A few thousand less lambs this week with 25,000 yarded. Sheep numbers also declined from the big yardings of the past fortnight. Lamb quality remained very good, with young unshorn lambs now starting to come in from greener pasture areas to the east and south of Bendigo. The market was erratic, and it was obvious buyers were trying to lower price rates. Not all export companies purchased, although a major domestic buyer pushed into heavier stock weighing upwards of 28kg which helped support the market. Overall, prices for processing lambs weighing over 22kg varied from $2 to $8/head cheaper. In contrast, the price trend for lighter weight lambs under 20kg was firm to significantly dearer in places, pushed along by a step-up in restocker support and buyers wanting suitable MK export lambs. Extra heavy young lambs over 30kg topped at $234/head in a limited run. The bulk of the heavy crossbred young lambs, 26kg to 30kg, ranged from $206 to $232 to average around $218/head. The main run of 24kg to 26kg lambs, sold from $189 to $212 to just cling to an overall average of $200/head plus. The 22kg to 24kg young lambs, sold from $176 to $196 and the better covered medium domestics 20kg to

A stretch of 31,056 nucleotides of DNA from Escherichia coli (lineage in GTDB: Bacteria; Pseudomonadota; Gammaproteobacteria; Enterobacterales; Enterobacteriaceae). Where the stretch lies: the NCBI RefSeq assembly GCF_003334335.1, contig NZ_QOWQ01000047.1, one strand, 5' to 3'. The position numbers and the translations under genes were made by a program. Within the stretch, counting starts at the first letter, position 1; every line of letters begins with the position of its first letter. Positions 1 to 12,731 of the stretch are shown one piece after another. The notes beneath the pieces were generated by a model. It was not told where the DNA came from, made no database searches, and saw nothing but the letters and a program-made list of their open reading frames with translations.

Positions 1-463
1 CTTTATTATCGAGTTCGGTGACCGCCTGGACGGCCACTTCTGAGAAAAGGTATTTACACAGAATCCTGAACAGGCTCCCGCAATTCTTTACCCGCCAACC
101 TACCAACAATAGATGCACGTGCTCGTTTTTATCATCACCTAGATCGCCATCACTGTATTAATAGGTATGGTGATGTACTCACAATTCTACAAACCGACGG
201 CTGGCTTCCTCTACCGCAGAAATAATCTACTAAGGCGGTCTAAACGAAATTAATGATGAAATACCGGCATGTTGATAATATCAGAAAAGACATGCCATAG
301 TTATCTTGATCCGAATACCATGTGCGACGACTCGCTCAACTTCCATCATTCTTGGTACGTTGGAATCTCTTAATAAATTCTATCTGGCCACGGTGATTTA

22kg sold from $155 to $183/head. While there was still some sales over 800c for the best trade lambs, estimated averages for a run of lambs to processors was between 750c to 790c/kg cwt. There is some shorn young lambs starting to appear, and buyers did give those solid support at up to $206/head for similar carcass results. Not a lot of new season Merino lambs, the best to $170 but most were lighter weight types from $124 to $137/head. Store buyer activity stepped-up with orders from northern Victoria, the Mallee as well as the local area. No Ballarat agents, who had been paying over $200/head for trade lambs to shear, operated this week. Lambs to the paddock varied from $115 to a top of $166/head, with the smaller types trending above 800c/kg cwt. Less sheep but quality remained very good with a lot of weight and condition on offer. A northern processor came back into the market, and there was bidding duals between buyers for heavy crossbred and Merino ewes at times which caused price spikes to a top of $225/head. But the sale was inconsistent which lead to some noticeable price variations. The overall result was a dearer trend of $5/head for heavy mutton, while trade sheep were similar depending on weight and freshness.